Hubert Weston King was born on 23rd January, 1931 in Normanton, Derby, the eldest son of Howard and Jesse King. Educated at the Diocesan School in Friargate, Derby, Hubert left school at the age of 14 to join the family firm of W W Winter Ltd, photographers, of Midland Road, Derby as an apprentice under the direction of his uncle, Austin King, and his grandfather W H King, the then managing director.
In his youth, Hubert always thought that he would like to become an engineer. Unfortunately, he suffered from severe asthma and his grandfather said that taking on engineering job would ‘finish him’ and it was agreed that Hubert should join the family firm. Hubert said quite recently that his asthma had disappeared quickly after he started work at Winter’s, mainly, he thought, because the environment at the firm was so cold in the winters.
Hubert was fortunate to be taught by his grandfather W H King who passed on to Hubert much of the knowledge and experience he had accumulated since the 1890s. This tuition took place over many years as Hubert’s grandfather didn’t retire until 1947.
One of Hubert’s first jobs was to wash developed photographic prints to remove all traces of chemicals. This was done with bare hands in cold running water. In those days, making prints was carried out in daylight in all weathers in an open area at the very top of the building. Hubert said that frequently a lot of ice had to be broken before any work could be done.
Hubert’s early years at Winter’s coincided with a successful time for Derby County Football Club. The company had been the official photographers for many years and when the Rams won the FA Cup in 1946, they asked Winter’s to photograph the team with the trophy. It must have been a tremendous honour for the fifteen year old Hubert to be given the task of carrying the Cup on to the pitch to be photographed.
Hubert was taught all aspects of photography by his grandfather, his uncle and the other staff at the firm, who were consummate portraitists and commercial photographers and who had built up the business to encompass a wide range of industrial and commercial clients. Having mastered the art of daylight printing, Hubert was then taught the skills of print retouching (in the comparative warmth of the retouching room).
In 1949 Hubert started a four-year City and Guilds evening course at Nottingham College of Arts and Crafts. Unlike the other students, Hubert already had a wide knowledge of the practical side of photography and this gave him a special rapport with the tutor, a Mr. Harry Beaumont, who taught him the theory and understanding of more advanced photographic applications. Towards the end of the course, Hubert had to prepare a portfolio which included some studio photography.
Following his qualification, Hubert joined the team at Winter’s full-time and practised his craft there right up until a few years ago. He worked extensively with Mr Charles (Charlie) Barson, for whom he had an enormous regard and with whom he developed a close and lifelong friendship. Hubert had many stories about their working together on locations including what today would be considered very dangerous commissions. At one time, the pair climbed up the cooling towers at one of the newly built Trent valley power stations—Health and Safety was a lot more lax then. With another colleague, Hubert took a trip in a cable car very high above the ground and took shots by hanging on at the open door of the cable car in order to produce the required shots.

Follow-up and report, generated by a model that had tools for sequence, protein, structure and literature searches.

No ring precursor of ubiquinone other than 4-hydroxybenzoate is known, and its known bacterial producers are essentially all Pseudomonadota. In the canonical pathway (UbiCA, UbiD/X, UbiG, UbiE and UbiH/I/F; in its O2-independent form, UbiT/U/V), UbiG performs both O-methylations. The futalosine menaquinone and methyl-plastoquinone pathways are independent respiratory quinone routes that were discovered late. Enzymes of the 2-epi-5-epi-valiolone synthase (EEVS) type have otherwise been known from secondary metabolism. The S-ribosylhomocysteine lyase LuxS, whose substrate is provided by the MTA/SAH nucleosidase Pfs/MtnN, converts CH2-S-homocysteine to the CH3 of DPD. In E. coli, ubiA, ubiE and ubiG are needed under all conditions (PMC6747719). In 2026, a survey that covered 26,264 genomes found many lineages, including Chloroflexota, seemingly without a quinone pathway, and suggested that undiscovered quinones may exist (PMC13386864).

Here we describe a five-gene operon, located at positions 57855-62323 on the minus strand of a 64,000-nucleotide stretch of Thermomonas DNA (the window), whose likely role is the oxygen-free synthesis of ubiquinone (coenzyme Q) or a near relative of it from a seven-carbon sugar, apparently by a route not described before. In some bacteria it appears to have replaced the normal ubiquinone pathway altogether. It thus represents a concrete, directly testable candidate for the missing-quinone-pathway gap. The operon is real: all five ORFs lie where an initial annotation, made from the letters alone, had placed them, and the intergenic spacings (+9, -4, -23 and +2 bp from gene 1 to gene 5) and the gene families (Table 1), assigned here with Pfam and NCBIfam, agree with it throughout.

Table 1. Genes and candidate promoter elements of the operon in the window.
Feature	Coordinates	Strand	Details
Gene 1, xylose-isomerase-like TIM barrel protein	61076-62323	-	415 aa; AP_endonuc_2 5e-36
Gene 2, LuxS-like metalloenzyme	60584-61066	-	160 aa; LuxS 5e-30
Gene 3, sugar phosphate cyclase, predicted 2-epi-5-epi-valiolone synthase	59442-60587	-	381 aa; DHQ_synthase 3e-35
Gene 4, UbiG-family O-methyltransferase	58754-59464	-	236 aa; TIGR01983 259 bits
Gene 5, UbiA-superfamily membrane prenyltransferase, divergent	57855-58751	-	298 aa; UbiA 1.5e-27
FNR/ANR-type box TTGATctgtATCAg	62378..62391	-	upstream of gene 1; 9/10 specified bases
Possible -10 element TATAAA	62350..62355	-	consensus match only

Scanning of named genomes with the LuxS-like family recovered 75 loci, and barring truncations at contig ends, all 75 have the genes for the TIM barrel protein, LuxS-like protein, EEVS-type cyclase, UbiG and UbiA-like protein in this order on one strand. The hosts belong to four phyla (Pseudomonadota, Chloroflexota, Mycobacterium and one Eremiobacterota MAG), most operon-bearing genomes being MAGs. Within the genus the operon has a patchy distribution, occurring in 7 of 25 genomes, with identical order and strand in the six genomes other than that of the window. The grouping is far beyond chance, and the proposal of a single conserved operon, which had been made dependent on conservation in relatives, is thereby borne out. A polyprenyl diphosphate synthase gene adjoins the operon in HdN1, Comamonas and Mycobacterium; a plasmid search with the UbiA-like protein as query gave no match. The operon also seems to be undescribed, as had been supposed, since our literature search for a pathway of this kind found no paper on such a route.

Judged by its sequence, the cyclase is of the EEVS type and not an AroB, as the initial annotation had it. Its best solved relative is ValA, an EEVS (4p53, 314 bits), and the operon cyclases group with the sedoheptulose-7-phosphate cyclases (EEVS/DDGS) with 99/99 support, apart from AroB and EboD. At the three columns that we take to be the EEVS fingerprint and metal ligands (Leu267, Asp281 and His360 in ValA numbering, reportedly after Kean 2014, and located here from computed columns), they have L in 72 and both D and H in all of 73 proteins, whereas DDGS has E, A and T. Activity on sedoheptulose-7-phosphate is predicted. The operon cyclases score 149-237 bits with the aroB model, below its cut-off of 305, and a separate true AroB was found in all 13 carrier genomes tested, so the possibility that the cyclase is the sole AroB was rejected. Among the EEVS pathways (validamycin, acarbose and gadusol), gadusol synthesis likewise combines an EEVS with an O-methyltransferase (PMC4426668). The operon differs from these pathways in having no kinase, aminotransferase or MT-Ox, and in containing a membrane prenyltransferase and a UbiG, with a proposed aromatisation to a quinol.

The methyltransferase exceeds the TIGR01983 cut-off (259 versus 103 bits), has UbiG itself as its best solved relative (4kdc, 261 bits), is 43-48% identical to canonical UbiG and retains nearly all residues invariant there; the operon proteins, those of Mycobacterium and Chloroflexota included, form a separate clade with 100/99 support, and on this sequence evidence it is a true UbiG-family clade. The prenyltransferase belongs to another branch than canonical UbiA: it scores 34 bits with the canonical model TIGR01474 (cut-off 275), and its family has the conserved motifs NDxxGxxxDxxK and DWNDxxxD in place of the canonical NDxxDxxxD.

Hubert was a member of the British Institute of Professional Photography from 1968 until his death. He was treasurer and president of the East Midlands Region of the Institute and had received awards in full recognition of his service.
Following his uncle Austin King’s retirement in 1975, Hubert became Winter’s managing director.
Hubert’s tenure at Winter’s saw huge changes in photography. When he started, the equipment was bulky and heavy, there was no electric flash and negatives were large and made of glass. The technology at the time presented many limitations. As the years went by, film cameras were introduced and electric lighting allowed photography to take place out of daylight hours. Digital photography was the next revolution, giving skilled photographers like Hubert opportunities to acquire many new and different techniques. Hubert immediately embraced all aspects of digital working, realising that so many of the old time-consuming aspects of photography could now be superseded, with better results, by the use of computers. He always pointed out though that what counts most in all photography is the person behind the camera.
Hubert remained at Winter’s for the whole of his working life, retiring only in 2016 due to failing health. He died on 25th December 2018 after a short illness.
He was a hugely practical man and there is so much in the building at Winter’s studios in Midland Road today which exists as a testament to his ingenuity and skills. This involved much use of his circular saw in the cellar! He wouldn’t hesitate to build a new photographic background, put in a stud wall, build a new work bench and so on. Problem-solving was his forte.
Hubert was always passionate about Winter’s and the company’s historic significance to Derby and the wider photographic world. It was important to him that Winter’s should continue after his death and he was fully supportive of the Winter’s Heritage Trust which was set up in 2017 to preserve, protect and archive the collection of photographic plates, artefacts and memorabilia at the studio. Hubert’s family, colleagues and friends will ensure that his legacy continues, and that Winter’s continues to thrive and retain its place in the history of photography.